The recent downgrade in U.S.-Pakistan relations will present both opportunities and challenges for China. Beijing can use the recent strain to promote a new model of international development, but must be wary of becoming the sole external power responsible for maintaining stability in the region.

    Feb 26, 2018

  • A health ministry worker fumigates a public park during a campaign against dengue, chikungunya and Zika in Ciudad Juarez, Mexico April 4, 2017

    Commentary

    Can America Afford to Reduce Global Public Health Funding?

    The United States may be preparing to downsize funding for global epidemic prevention. Without renewed funding, the long-term outlook could include an increased likelihood of global disease outbreaks.

    Feb 8, 2018

  • U.S. and Chinese officials meet prior to the U.S.-China Diplomatic and Security Dialogue in Washington, D.C., June 21, 2017

    Commentary

    The Competition for Status Could Increase the Risk of a Military Clash in Asia

    The prospect of conflict involving China remains remote, and Beijing remains committed to peaceful development. But if Beijing ever concludes that the United States and its allies have successfully stymied its aspirations, China may be tempted by riskier methods to assert its status.

    Feb 2, 2018

  • Britain's Secretary of State for Exiting the European Union David Davis (L), Britain's Prime Minister Theresa May, European Commission President Jean-Claude Juncker and European Union's chief Brexit negotiator Michel Barnier (R) meet at the European Commission in Brussels, Belgium December 8, 2017

    Commentary

    For the UK's Post-Brexit Economy, No Deal Is the Worst Deal

    Brexit negotiations around trade are likely to be complicated for the UK and EU, particularly as a common position between all the parties could be difficult to achieve. Trying to avoid the worst-case economic option of 'no deal' is likely to be at the top of the agendas for both the UK and EU as trade talks begin.

    Jan 9, 2018

  • Blue globe puzzle

    Report

    Testing the Value of the Postwar International Order

    The postwar order offers significant value to U.S. interests and objectives and is worth the investment. It represents a leading U.S. competitive advantage. At a time of growing rivalry, nationalism, and uncertainty, a functioning multilateral order will be essential.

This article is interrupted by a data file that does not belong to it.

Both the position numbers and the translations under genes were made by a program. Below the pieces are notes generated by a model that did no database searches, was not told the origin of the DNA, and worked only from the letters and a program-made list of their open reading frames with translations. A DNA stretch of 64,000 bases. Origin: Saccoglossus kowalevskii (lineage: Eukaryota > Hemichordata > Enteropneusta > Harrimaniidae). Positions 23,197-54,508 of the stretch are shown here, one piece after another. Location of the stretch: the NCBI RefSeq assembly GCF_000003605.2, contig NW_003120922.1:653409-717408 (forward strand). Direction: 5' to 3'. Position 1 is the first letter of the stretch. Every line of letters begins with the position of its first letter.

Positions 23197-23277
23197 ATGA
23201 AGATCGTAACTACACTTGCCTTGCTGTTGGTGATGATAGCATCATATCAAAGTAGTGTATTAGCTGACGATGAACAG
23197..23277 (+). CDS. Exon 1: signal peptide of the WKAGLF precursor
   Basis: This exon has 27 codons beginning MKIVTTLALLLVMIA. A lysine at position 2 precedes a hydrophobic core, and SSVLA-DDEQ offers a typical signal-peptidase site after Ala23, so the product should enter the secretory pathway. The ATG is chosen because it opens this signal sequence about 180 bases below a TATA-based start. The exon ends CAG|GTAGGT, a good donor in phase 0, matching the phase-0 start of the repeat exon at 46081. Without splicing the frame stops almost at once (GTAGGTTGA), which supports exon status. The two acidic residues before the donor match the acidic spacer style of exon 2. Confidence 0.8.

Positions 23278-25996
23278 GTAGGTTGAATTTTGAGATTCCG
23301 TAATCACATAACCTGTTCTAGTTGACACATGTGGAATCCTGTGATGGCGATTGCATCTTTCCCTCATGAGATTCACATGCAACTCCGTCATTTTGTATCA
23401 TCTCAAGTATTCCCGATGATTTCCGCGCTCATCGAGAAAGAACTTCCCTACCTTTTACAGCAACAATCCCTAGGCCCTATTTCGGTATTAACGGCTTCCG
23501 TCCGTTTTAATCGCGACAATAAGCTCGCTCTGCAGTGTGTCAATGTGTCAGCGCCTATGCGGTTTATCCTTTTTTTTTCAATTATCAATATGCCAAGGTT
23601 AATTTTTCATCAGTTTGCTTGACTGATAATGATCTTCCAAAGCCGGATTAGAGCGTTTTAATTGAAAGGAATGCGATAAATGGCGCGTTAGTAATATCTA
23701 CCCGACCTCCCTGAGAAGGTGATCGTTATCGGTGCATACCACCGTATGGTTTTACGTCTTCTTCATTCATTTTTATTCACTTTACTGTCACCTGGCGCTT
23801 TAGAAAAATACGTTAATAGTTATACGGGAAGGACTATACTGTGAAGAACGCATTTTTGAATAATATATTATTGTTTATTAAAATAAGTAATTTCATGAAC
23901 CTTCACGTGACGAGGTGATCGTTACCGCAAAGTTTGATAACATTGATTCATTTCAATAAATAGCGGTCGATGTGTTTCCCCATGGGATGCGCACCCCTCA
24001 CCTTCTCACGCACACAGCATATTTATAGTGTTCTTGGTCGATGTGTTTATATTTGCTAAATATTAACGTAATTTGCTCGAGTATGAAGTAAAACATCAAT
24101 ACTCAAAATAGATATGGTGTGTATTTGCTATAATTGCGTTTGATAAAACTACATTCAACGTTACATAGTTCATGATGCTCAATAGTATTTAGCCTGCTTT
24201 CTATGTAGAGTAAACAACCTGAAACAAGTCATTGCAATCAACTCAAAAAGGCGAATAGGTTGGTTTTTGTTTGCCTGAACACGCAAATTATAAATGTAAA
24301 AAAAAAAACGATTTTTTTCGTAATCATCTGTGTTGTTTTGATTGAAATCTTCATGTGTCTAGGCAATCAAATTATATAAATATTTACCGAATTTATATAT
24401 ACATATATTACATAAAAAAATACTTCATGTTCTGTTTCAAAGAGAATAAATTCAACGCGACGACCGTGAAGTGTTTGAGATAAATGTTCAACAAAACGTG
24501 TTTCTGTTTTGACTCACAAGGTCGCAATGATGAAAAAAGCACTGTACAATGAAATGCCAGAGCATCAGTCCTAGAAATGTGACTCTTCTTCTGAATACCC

Jan 8, 2018

  • Russian President Vladimir Putin and Gennady Timchenko, founder and owner of a privately held investment vehicle Volga Group, visit a new concert hall of the Mariinsky Theater in St. Petersburg, Russia, June 3, 2017

    Commentary

    Not All Russian Oligarchs Are Alike

    The U.S. Secretary of the Treasury must report to Congress the main “oligarchs” in Russia, judged by their closeness to the “regime” and net worth. This broad approach, not aimed at specific wrongdoers, poses several risks.

    Jan 8, 2018

  • Rates of currencies are displayed at a currency exchange in Warsaw, Poland, on June 24, 2016, the day after the United Kingdom voted to leave the European Union

    Commentary

    Why Political Risks May Dampen World Economies in 2018

    The world economy has reached its strongest point since the global financial crisis a decade ago. But rising political risks may cloud prospects in 2018 and perhaps beyond.

    Jan 7, 2018

  • China's President Xi Jinping speaks at the opening ceremony of the "CPC in dialogue with world political parties" high-level meeting, at the Great Hall of the People in Beijing, China, December 1, 2017

    Commentary

    China's Endgame: The Path Towards Global Leadership

    The coming years are likely to see a deepening contest between the U.S. and China in the diplomatic, economic, cyber, and information domains, even as the risks of major war remain low. In its 19th CCP Congress report, Beijing articulated for the first time an ambition to contend for global leadership.

    Jan 5, 2018

  • Japan's Prime Minister Shinzo Abe (center) is welcomed by European Council President Donald Tusk (left) and European Commission President Jean-Claude Juncker at a European Union-Japan summit, Brussels, Belgium, July 6, 2017

    Commentary

    Economic Multilateralism and Regionalism

    The trend toward economic multilateralism and regionalism is accelerating. Japan finalized a free-trade agreement with the EU that will encompass some 600 million people and 30 percent of GWP. The U.S. has benefited from bilateral agreements, but would do well to revisit its posture toward multilateral and regional currents.

    Jan 5, 2018

  • U.S. Ambassador Nikki Haley speaks with Chinese Deputy Ambassador Wu Haitao ahead of the United Nations Security Council session on imposing new sanctions on North Korea, in New York, December 22, 2017

    Commentary

    China's Reluctance on Sanctions Enforcement in North Korea

    It's fair to question whether Beijing intends to fully enforce sanctions against the Kim Jong Un regime because such actions tend to undermine China's approach in North Korea. Beijing likely seeks to prevent the collapse of the North Korean regime to ensure that neither a spillover of refugees nor a reunified pro-U.S. Korea emerges on its doorstep.

    Jan 4, 2018

  • U.S. President Donald Trump and China's President Xi Jinping meet business leaders at the Great Hall of the People in Beijing, China, November 9, 2017

    Commentary

    America's New Security Strategy Reflects the Intensifying Strategic Competition with China

    The United States unveiled its National Security Strategy last week, describing China as a revisionist power that actively competes against the United States and its allies and partners. China had strong words of its own in response. Both will need to navigate the relationship in a way that supports stability and prosperity for both countries.

    Dec 27, 2017

  • Morning commuters are seen outside the New York Stock Exchange, July 30, 2012

    Commentary

    Economic Instability Endangers Democracy

    The Western political community is retreating from its own institutions. The problem stems from the fact that the health of democracies is crucially dependent on their economic growth rate.

    Dec 16, 2017